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Wright, Aggies nearly pulled off another comeback in SLO

UCD quarterback Randy Wright (17) gets tangled up with a Cal Poly defender at the end of a play on Saturday. Wright, who led the Aggies to wins in the past two Battles for the Golden Horseshoe, was unable to help the Aggies complete a late comeback attempt in a 28-20 loss to the Mustangs. Wayne Tilcock/Enterprise photo

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From page B1 | September 26, 2012 | Leave Comment

Two years ago, quarterback Randy Wright and the UC Davis football team shocked Cal Poly with a stunning second-half comeback to claim the Golden Horseshoe trophy.

When the Aggies returned to San Luis Obispo for Saturday’s game, the stage was set again …

But this time, rather than relinquish a 22-point lead like they did in 2010, the Mustangs held off UCD, 28-20, at Alex G. Spanos Stadium.

Saturday’s game and the 2010 encounter had everything in common but the end result. Both teams had moments of brilliance and episodes of vulnerability, and Wright led his squad with a strong fourth-quarter push.

In 2010, Wright hit wide receiver Sean Creadick for the go-ahead touchdown with 35 seconds left. In 2012, the gunslinger’s last-ditch bomb to T.J. King fell incomplete, giving Cal Poly its first win over the Aggies since 2008.

On Saturday, UCD built a 10-0 lead in the first quarter, then watched as the offense stalled and the defense got burned until the end of the game.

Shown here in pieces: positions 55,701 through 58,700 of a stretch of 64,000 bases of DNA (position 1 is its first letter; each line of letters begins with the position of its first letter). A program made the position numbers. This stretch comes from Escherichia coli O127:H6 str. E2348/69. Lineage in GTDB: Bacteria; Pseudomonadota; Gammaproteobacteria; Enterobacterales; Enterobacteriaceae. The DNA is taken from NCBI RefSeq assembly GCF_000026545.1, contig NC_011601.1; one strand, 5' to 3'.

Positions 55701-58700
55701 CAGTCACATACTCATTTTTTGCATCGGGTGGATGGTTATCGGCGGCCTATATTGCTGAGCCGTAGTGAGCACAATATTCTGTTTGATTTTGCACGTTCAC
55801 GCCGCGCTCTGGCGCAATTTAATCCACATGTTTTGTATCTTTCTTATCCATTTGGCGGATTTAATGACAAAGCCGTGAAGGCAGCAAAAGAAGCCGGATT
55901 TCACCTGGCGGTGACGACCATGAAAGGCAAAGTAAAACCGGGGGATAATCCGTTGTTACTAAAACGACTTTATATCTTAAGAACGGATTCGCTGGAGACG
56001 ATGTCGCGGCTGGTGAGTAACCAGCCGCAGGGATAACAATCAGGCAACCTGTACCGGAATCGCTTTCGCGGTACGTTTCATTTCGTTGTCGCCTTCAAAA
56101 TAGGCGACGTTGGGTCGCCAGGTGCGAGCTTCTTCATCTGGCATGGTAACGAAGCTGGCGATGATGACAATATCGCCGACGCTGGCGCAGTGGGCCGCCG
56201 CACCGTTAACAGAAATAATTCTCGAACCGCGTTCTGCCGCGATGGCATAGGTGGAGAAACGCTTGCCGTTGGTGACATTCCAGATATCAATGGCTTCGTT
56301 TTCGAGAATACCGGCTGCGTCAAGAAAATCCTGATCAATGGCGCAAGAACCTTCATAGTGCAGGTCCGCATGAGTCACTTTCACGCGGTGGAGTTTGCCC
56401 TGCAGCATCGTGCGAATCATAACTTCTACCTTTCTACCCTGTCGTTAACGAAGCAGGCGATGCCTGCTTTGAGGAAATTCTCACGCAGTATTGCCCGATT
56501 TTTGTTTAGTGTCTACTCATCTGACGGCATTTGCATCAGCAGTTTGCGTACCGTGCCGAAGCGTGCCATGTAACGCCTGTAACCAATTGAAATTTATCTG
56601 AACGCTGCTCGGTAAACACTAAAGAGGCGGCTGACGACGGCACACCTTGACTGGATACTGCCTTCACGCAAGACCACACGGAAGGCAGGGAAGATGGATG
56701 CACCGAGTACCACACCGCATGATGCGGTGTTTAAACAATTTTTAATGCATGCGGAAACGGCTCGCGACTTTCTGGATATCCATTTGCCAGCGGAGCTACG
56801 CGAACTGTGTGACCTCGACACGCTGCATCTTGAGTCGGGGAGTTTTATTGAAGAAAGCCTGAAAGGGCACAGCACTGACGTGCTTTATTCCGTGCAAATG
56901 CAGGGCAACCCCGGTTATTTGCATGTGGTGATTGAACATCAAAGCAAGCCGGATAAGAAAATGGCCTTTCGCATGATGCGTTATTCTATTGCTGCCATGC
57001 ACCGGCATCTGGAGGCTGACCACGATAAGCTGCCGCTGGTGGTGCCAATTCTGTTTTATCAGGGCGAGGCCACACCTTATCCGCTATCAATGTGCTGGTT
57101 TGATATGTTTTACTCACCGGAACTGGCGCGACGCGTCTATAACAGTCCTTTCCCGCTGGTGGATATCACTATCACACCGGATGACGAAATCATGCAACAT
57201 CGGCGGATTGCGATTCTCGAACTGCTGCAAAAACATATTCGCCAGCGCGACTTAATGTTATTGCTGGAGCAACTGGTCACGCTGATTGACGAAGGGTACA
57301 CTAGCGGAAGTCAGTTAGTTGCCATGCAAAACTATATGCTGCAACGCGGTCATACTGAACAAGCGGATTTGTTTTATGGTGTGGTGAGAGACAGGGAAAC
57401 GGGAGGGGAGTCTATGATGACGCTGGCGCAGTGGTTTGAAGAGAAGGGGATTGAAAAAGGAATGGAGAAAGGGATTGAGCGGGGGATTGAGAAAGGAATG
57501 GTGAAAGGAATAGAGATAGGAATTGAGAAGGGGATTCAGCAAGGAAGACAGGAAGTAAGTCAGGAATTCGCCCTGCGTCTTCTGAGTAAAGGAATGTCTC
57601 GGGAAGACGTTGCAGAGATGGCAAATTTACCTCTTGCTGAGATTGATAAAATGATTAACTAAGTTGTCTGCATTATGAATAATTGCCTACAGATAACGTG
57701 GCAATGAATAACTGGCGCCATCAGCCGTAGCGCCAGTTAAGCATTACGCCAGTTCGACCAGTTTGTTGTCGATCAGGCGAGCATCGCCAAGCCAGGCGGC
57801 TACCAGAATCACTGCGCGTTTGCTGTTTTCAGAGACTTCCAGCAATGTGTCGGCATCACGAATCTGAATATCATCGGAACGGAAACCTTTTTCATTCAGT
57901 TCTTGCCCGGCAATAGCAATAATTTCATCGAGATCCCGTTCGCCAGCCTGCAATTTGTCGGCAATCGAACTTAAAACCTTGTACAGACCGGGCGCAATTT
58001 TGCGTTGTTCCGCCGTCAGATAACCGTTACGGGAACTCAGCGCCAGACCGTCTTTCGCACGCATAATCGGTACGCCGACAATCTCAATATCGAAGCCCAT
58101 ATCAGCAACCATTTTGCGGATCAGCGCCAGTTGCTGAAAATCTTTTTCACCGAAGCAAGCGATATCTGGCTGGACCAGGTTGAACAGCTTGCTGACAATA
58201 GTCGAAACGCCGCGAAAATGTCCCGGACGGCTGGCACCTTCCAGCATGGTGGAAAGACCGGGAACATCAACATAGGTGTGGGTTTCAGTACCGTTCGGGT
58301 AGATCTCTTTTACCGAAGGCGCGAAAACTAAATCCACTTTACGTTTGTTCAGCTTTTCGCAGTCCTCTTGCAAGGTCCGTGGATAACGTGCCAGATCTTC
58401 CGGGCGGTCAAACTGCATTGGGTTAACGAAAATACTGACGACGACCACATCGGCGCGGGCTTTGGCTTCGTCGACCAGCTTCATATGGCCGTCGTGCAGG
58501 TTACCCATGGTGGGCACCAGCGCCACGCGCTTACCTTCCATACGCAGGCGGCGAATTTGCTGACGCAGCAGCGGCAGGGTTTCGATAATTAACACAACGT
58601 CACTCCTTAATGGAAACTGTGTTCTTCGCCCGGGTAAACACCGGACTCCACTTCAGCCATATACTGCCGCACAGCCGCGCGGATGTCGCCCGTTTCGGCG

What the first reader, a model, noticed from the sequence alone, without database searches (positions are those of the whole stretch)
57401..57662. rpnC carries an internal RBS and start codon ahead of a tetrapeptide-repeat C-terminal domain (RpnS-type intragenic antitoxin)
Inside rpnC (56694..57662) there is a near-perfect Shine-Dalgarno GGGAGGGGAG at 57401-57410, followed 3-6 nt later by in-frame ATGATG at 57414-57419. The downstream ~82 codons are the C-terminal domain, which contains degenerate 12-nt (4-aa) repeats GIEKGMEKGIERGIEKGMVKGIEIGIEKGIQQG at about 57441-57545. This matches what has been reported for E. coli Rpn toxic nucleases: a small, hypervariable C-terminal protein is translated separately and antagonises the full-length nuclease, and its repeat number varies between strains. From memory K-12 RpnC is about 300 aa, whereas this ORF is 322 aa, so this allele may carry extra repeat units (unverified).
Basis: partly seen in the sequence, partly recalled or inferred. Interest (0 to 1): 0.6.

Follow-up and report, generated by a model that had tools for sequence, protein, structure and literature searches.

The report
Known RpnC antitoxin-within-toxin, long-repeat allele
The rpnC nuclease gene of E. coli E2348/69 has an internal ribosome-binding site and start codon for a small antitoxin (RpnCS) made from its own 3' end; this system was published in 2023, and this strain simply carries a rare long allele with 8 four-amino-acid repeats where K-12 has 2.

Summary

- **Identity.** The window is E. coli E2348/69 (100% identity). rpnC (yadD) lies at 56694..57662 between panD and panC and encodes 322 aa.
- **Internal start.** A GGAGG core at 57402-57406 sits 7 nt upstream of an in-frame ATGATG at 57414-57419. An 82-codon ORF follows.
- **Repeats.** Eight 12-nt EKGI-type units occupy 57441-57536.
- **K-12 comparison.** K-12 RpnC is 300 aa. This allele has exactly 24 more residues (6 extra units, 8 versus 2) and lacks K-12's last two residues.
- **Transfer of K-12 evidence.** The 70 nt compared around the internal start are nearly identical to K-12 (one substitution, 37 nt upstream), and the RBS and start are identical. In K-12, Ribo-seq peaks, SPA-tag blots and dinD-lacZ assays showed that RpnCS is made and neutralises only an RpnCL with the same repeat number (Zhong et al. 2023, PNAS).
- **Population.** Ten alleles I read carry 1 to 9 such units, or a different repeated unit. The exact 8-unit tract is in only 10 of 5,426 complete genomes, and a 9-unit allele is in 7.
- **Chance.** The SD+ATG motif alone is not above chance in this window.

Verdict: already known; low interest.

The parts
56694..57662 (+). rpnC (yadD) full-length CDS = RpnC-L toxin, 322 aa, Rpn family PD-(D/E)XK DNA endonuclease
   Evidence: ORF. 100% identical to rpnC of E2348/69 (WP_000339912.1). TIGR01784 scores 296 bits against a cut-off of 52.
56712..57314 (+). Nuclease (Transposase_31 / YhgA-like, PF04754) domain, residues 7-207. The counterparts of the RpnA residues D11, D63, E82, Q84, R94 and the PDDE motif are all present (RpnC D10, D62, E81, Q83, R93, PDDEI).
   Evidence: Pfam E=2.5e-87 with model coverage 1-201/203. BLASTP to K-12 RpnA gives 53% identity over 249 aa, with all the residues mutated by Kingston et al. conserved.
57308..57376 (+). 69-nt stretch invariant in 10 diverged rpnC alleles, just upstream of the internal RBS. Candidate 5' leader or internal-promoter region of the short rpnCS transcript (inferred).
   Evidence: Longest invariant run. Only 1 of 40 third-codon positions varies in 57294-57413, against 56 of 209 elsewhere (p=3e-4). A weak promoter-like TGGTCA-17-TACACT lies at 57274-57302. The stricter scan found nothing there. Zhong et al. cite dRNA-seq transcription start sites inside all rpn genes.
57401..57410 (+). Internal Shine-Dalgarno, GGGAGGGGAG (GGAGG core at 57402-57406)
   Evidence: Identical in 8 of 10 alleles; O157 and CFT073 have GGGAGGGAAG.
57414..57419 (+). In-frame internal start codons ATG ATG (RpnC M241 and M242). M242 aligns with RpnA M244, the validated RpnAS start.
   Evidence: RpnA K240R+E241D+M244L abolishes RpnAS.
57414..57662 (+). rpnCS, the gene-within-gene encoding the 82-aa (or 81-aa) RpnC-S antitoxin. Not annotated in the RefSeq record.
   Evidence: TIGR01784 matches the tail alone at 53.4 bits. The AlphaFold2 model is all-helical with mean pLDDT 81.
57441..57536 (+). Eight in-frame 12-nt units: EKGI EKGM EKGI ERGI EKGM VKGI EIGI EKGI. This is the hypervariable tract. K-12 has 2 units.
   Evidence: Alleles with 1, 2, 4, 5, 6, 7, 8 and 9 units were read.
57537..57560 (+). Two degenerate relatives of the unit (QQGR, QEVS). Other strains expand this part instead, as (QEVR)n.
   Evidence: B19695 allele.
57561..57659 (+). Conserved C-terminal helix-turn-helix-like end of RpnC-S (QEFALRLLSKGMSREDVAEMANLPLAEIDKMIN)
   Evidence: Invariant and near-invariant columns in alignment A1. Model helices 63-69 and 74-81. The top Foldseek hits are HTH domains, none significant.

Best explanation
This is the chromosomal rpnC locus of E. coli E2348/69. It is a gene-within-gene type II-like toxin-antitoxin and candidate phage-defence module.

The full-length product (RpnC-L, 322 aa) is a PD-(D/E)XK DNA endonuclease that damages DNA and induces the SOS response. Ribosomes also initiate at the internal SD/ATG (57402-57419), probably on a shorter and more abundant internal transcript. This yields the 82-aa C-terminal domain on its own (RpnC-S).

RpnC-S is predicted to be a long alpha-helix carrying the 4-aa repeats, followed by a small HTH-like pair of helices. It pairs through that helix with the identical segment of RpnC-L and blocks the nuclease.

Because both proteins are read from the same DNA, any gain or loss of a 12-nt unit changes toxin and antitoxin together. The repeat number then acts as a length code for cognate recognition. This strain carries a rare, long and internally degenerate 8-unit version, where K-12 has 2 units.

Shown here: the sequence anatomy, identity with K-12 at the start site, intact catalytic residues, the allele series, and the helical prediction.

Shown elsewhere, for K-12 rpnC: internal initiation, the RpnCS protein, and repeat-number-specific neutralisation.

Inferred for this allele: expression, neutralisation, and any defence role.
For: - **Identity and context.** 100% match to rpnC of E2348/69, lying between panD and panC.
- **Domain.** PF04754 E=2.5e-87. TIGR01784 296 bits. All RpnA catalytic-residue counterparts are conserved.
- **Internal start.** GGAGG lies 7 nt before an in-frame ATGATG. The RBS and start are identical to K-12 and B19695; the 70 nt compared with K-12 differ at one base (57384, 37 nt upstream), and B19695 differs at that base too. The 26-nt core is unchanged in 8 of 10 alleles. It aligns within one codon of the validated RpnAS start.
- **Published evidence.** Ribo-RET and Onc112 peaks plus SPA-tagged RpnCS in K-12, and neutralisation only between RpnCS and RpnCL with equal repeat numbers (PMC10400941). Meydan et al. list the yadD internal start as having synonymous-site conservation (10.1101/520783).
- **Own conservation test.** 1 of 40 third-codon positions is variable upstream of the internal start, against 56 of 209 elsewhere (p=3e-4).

“We just got static in the second and third quarter, (then) tried to pull Déjà vu all over again in the fourth,” Wright said. “It wasn’t enough this time.”

The Ags had serious trouble stopping running back Deonte Williams, who shredded the UCD defense for 193 yards and three touchdowns. All in all, the Mustangs galloped for 336 yards on the ground.

But those numbers speak more about Williams’ talent and less about the strength of coach Bob Biggs’ defense. The main focus within Cal Poly’s offense, the former prep star at Pleasant Grove burned Football Bowl Subdivision Wyoming for 187 yards just the week before.

For the Aggies on Saturday, Byron Gruendl recorded 12 solo tackles and assisted on three more, while Andrew Benjamin’s only tackle was the team’s lone sack.

“I thought (the defense) did great, honestly,” Biggs said after the game. “They hit us for a couple big plays, and part of that was having some young guys in there who were out of position. But when we needed to get the ball in the fourth quarter, they did it for us.”

Big plays like Akaninyene Umoh’s 51-yard touchdown run and Brandon Michalkiewicz’s 30-yard reception were enough to bury the locals, though Wright and his receivers made a couple of monster gains themselves.

The junior QB completed the longest pass of his college career in the second quarter, faking two hand-offs before chucking the ball downfield to Corey Galindo. The sophomore wideout hauled it in past the Cal Poly secondary and sprinted the rest of the way for a 67-yard score.

“We were just trying to be aggressive,” Galindo said. “They want to try to scare receivers into not getting jump balls.”

While every game matters, the Cal Poly matchup takes on a special meaning each year. The Aggies would have loved to win one last Battle for the Golden Horseshoe for Biggs, who will retire at the end of the season.

“This game’s got a lot more emphasis (than a normal one),” Galindo explained. “That’s what makes college football fun, rivalry games like this.”

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